As I’m writing I’m watching a storm come over the mountains. The clouds are messy and dark and the rain is already starting to test itself out by falling in sporadic little droplets. The wind is picking up, scattering dust and ash and tall dry grass skyward. The powerful gusts of wind stoke the open fire I’ve made and rattle the walls of the rock and metal shelter I’m sitting under. It’s Fall and change is everywhere. I am no exception, I guess.
The panic attacks started again two days ago. Right around the time I finished up with my other distracting duties and turned to face the double mastectomy that was looming in just over a week. On November 2, I will undergo surgery that will remove both breasts and several lymph nodes, and that will leave me with temporary (but uncomforable) implants, scars, drains, and pain. I am afraid of all of these things.
I am afraid of things known and unknown. I know it will be painful, but how bad? I know I will have to sleep awkwardly and upright, but for how long? I know my range of motion will be seriously compromised, that my arms will feel pinned to my sides, but for how long and will I regain full range of motion? I know my breasts will look different, that the nerves will be damaged, but to what extent? I know they will be hunting for cancer, but will they find any? I know I will not be the same person after, as I am before, and I feel that time slipping away from me like sand between my tight grasp. I’m not ready for more loss, I think to myself. But it’s coming. Just like this storm.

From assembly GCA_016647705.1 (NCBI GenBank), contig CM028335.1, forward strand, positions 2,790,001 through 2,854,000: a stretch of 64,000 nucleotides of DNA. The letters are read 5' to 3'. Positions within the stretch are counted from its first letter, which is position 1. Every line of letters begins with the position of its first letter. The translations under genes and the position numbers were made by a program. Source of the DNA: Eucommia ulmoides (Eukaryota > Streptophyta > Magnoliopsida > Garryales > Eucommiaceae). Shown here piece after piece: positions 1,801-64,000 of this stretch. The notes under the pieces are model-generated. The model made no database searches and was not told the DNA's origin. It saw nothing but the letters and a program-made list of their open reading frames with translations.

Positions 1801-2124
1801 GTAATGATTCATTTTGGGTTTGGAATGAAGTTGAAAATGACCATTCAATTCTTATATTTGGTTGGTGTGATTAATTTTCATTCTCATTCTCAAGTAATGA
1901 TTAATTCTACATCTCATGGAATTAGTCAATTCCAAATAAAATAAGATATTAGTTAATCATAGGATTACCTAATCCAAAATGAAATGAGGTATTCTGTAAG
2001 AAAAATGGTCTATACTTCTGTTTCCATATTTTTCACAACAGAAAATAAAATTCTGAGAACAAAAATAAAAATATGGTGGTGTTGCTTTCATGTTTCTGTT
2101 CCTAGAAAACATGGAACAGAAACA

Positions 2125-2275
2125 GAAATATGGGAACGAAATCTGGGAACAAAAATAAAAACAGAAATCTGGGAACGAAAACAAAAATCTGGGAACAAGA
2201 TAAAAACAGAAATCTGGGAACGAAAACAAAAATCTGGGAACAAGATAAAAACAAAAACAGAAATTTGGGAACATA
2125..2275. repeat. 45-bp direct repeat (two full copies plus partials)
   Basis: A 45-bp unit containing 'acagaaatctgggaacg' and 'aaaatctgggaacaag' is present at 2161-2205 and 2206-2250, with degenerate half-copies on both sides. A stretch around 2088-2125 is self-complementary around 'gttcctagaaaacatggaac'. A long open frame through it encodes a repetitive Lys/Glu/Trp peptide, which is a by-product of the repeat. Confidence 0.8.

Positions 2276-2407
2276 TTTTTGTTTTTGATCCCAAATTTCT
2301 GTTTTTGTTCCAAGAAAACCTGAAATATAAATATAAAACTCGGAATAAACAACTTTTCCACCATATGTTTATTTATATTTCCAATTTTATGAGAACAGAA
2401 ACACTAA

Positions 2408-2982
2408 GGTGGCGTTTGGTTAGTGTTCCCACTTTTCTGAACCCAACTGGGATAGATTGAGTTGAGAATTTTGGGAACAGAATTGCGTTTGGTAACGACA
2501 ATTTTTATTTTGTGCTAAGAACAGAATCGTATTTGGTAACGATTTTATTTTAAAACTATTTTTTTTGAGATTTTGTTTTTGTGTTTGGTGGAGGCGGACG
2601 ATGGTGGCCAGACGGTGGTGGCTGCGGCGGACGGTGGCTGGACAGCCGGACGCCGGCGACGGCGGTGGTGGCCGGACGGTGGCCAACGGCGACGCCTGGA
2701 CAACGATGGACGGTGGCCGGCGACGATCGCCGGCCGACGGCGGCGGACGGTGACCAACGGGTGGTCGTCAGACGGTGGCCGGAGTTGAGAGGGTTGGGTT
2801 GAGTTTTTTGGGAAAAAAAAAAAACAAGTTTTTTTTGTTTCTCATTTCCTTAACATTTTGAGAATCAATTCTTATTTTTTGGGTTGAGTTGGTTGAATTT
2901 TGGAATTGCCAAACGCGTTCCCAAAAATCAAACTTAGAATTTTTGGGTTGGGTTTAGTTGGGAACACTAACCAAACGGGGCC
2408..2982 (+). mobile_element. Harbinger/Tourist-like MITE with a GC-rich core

And here’s the real heart of the issue. The changes I am about to face are so much more feeling and grieving than they are physical. Whether I like it or not, my breasts are part of my identity. They are part of my womanhood, my sexuality, my physique, my motherhood. I have pushed them up to feel sexy, bound them down to be active, figured out what to do with them when they first arrived, and fed two children with them. I feel a sharp pain when I think that I will never nurse a baby again. That is a deep deep loss. My breasts will forever wear the scars of this battle, and somehow I have to make peace with that.
And here’s how I’m doing that. I’m honoring the pain. No, my body will not be the same. Yes, I will close a chapter in my life that I cannot reopen. Yes, I am about to walk in to some hurt. But let’s not get ahead of ourselves. Let’s remember that pain is just pain. It doesn’t define me, it doesn’t rearrange me, it doesn’t control me. Pain has a way of showing us what else hurts, what other cracks we have in our hearts and souls that still haven’t healed. I know I’m not ready to give up nursing because I still feel so very sad over what was lost to post-partum depression with my oldest. But if I slow myself down enough, I recognize that there is time to heal these wounds, and I don’t have to give each and every one of them an audience right this moment.
So while I’m going to recognize the pain, I’m not going to hand it the wheel. I’m still captain of this ship, and I still want to direct where we are going. I’m going to fake it a little even, and tell myself that I am okay, and whole, and sturdy even when I know I’m not quite there yet. Because how else do you get there if you’re not bushwhacking through the forest and creating a new path?
So yes, the storm is coming. Yes, my insides are rattling, but I was built to sustain this. I was designed to handle the hurt. And in the end, hurt is okay. We all carry it, we all come crashing into it at some time or another. So I will reinforce my heart, sturdy my soul, and move into it. I have what I need to survive…and maybe even thrive a little bit.
Give ‘Em Hell.